Inside Australia’s University-land: Unmasking the ‘student experience’*
Inside Australia’s University-land: Unmasking the ‘student experience’*
9 May 2016
“I saw the sign saying ‘university’ but when I got on campus I couldn’t find it”.
- Disgruntled second year student at a regional university.
The Teflon university
As some of you might be aware, I’ve been yakking on about universities for quite some time now, and as you can see, very little has changed. At best I’m an aged flea on a very large elephant’s rear.
Like many other commentators I have over the years observed some very worrying developments in the sector which, among other things, includes the intensification and over-regulation of academic workloads, the aeecedacny of the so-called business model, and what might generously be described as the misleading marketing of educational “products” otherwise known as degrees. Last year we witnessed a withering Four Corners expose and ICAC report, both of which highlighted questionable – possibly criminally corrupt – marketing practices in the international student market. This was followed shortly after by a withering editorial in the SMH and the slow drip of articles about overly “flexible” admissions policies.
There were also rolling complaints about the quality of university education by seasoned observers like Professor Raelyn Connell, Nick Reiner, George Morgan and even specialists in the study of higher education like Professor Simon Marginson. Criticism was also aired in the columns of The Australian, the Australian Universities Review, and less often in the rather anodyne Campus Review. The rise of NAPU and recent conferences like Challenging the Privatized University at the UQ attest to a growing concern among academics over government under-funding, the incursions of corporations into university affairs, and the privatization and commercialization of previously public knowledge.
Yet none of these concerns seem to stick. It’s called the Teflon effect. If any other sector had faced such sustained criticism over the years, there would surely be calls for a Royal Commission or at least a parliamentary inquiry to unearth what’s going on. But no, nothing of the sort. “In fact”, as I recently observed in World University News, “university managers have become so brazenly adept at fending off criticism that they manage to bamboozle even the most level-headed of scrutineers”.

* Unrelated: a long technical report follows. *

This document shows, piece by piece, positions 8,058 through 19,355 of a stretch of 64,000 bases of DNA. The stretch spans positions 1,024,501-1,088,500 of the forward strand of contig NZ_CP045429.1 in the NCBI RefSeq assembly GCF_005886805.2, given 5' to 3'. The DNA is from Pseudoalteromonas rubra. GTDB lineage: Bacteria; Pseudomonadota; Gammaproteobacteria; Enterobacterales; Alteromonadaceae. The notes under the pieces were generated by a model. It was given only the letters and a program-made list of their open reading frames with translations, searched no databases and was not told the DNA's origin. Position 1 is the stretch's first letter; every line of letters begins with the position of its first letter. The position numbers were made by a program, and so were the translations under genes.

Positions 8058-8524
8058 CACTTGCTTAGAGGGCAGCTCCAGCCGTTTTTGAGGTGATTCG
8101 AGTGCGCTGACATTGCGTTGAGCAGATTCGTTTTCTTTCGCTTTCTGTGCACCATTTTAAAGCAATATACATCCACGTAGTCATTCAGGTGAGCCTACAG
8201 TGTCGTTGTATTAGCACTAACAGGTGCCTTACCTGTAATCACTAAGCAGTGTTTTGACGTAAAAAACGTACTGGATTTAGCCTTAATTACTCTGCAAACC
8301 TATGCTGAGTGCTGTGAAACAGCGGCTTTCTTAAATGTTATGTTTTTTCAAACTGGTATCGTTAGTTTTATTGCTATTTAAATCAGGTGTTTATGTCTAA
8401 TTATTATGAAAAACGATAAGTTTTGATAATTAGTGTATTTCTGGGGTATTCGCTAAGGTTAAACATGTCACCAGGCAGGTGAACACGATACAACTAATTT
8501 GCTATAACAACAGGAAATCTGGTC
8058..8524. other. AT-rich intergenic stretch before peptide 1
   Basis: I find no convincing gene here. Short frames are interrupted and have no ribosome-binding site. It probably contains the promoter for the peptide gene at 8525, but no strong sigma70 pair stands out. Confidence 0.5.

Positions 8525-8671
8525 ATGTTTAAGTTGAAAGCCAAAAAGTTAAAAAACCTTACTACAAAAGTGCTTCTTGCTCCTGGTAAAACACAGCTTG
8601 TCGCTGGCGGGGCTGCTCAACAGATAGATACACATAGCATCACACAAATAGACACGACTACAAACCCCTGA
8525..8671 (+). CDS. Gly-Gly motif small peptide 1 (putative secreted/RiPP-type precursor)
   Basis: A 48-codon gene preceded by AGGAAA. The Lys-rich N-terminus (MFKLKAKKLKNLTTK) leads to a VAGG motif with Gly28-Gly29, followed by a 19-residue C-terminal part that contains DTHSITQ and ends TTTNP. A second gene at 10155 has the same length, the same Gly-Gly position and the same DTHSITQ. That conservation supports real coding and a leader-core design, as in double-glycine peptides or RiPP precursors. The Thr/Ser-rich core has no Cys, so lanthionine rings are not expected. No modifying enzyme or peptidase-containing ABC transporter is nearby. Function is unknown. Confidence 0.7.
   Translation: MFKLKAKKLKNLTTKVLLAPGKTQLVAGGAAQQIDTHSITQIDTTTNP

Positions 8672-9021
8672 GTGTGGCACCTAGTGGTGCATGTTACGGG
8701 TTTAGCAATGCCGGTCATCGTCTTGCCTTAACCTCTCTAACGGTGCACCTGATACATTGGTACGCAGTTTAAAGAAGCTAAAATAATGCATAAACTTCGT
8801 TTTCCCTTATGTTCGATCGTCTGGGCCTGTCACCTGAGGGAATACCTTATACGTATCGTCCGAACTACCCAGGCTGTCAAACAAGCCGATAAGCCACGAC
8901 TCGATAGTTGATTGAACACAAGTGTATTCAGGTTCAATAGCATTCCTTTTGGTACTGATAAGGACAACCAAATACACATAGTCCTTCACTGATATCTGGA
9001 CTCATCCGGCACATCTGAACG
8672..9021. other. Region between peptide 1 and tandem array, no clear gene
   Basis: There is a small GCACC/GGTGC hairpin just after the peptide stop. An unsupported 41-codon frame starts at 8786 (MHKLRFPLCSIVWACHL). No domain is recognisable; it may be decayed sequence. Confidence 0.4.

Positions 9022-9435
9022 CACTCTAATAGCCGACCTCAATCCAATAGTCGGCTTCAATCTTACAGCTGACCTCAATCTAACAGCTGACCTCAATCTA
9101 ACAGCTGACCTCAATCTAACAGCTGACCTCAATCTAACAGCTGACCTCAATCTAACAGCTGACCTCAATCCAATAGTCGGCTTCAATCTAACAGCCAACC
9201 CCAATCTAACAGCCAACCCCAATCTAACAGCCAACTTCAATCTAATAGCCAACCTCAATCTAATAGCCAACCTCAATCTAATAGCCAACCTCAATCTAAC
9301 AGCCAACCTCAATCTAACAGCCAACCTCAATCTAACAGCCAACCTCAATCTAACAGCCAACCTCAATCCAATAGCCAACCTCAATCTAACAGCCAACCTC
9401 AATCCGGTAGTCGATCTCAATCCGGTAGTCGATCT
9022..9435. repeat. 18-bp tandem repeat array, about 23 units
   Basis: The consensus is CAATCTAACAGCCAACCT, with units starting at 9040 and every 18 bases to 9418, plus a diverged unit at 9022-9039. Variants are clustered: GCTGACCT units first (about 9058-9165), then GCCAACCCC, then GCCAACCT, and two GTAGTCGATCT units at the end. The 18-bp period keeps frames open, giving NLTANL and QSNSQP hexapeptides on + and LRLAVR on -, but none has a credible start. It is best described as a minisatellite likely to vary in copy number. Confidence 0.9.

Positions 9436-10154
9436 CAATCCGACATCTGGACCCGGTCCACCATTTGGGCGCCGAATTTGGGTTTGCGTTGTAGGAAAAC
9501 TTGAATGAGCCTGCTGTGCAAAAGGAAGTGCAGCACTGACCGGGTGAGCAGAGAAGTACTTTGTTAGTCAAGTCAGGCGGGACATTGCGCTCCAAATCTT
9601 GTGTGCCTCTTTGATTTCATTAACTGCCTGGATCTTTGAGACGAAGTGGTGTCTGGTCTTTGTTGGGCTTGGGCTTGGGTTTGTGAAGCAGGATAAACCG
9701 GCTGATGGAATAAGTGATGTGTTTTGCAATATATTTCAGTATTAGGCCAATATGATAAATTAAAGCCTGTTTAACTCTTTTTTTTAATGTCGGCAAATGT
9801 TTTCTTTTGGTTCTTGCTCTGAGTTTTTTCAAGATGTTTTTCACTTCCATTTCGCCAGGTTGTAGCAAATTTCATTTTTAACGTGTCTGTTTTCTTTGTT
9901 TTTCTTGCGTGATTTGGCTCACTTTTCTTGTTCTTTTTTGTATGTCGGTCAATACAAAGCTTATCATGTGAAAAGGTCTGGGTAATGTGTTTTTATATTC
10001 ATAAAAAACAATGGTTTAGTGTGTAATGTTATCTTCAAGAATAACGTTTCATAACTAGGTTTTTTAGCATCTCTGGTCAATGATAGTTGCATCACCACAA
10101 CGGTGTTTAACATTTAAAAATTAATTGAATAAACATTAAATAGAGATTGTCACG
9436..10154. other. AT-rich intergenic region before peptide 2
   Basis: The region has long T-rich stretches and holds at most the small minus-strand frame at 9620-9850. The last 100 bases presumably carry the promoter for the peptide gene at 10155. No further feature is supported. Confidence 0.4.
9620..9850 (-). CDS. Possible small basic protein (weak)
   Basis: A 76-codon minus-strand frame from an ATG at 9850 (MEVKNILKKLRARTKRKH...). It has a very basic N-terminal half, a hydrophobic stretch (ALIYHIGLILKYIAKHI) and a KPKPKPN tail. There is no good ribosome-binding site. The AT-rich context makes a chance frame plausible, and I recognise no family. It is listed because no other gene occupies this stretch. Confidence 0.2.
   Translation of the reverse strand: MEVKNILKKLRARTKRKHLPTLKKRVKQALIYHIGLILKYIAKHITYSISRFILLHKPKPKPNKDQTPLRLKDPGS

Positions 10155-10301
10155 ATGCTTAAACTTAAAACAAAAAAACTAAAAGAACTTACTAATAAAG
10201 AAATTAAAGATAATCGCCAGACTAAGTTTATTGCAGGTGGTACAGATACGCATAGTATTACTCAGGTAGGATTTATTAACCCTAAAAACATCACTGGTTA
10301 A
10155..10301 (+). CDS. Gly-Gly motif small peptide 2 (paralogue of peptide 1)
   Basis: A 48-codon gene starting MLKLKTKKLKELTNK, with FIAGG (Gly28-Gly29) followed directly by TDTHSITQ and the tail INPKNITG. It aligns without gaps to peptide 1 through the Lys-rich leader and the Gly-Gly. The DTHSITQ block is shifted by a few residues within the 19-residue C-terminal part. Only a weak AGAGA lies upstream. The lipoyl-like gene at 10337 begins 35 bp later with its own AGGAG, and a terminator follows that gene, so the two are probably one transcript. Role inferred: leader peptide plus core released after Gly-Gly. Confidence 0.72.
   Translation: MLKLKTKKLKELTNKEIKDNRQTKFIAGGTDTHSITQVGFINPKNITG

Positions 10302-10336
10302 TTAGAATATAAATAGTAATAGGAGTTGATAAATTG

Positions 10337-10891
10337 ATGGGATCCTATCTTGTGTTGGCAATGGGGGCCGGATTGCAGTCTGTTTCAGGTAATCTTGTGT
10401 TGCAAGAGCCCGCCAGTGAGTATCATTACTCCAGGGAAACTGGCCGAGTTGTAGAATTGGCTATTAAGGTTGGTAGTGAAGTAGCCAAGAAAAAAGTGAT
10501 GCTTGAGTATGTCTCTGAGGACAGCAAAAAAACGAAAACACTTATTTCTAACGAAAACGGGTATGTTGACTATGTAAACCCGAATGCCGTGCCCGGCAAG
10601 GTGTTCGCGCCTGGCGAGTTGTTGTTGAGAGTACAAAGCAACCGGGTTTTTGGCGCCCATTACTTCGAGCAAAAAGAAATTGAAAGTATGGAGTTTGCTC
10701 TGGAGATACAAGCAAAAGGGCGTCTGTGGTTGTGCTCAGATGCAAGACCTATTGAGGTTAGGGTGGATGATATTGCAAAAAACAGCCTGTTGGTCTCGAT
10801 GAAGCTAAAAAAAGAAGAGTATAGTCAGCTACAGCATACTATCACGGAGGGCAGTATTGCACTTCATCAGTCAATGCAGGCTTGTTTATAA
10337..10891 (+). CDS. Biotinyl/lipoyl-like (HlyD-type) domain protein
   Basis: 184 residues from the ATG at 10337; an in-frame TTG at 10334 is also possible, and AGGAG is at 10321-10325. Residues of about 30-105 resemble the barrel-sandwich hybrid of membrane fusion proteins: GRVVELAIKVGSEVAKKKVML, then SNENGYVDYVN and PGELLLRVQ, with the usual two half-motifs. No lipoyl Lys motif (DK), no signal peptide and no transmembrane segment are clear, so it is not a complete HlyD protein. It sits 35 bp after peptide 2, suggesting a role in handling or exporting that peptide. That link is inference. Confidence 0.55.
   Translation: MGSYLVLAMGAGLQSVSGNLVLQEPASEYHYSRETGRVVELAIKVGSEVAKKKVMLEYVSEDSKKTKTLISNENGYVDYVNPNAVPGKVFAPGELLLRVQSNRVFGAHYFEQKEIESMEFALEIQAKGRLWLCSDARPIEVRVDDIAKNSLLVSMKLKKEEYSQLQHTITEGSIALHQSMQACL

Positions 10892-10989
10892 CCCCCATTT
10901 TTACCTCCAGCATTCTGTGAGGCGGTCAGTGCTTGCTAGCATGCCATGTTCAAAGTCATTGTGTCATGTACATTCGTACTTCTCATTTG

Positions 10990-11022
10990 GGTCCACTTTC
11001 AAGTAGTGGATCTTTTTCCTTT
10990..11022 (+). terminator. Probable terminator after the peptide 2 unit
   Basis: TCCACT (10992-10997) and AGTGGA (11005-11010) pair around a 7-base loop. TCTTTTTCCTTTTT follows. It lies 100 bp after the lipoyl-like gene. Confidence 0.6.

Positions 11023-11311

Bamboozler-in-chief, Professor Glyn Davis, the erudite VC at the University of Melbourne recently blogged, in theHuntington Post, that:
In an ideal world, the precincts around Australian universities would already resemble those of Silicon Valley or Cambridge. In time they might. More likely, we will develop distinctive local patterns that reflect the broader realities of the Australian economy — a predominance of small to medium firms, clustered around universities and public agencies, all contributing to the local innovation ecosystem.
This reflects much current thinking in university-land: a sector linked inextricably to the requirements of industry, and a major contributor to GDP and economic growth. On the surface, you might wonder what’s wrong with that? Well, it depends on what you consider to be the purpose of universities. Are they primarily about economic enrichment, growth and personal acquisition or should they, as philosopher Alan de Bottom insists, be attuned to everyday life, citizenship and democracy, and to creating better family life, neighborhoods and communities? Or perhaps you think that universities should remain independent purveyors of something called “the truth” and retain their traditional image as a bastion against tyranny. Whatever your view, we can I think, all agree that universities have changed significantly over recent decades. In my view, they have largely lost their social purpose, and they’ve certainly lost some independence, more often than not resembling private firms rather than public institutions dedicated to the public good. Assuming there’s something to this line of argument, what has led us here?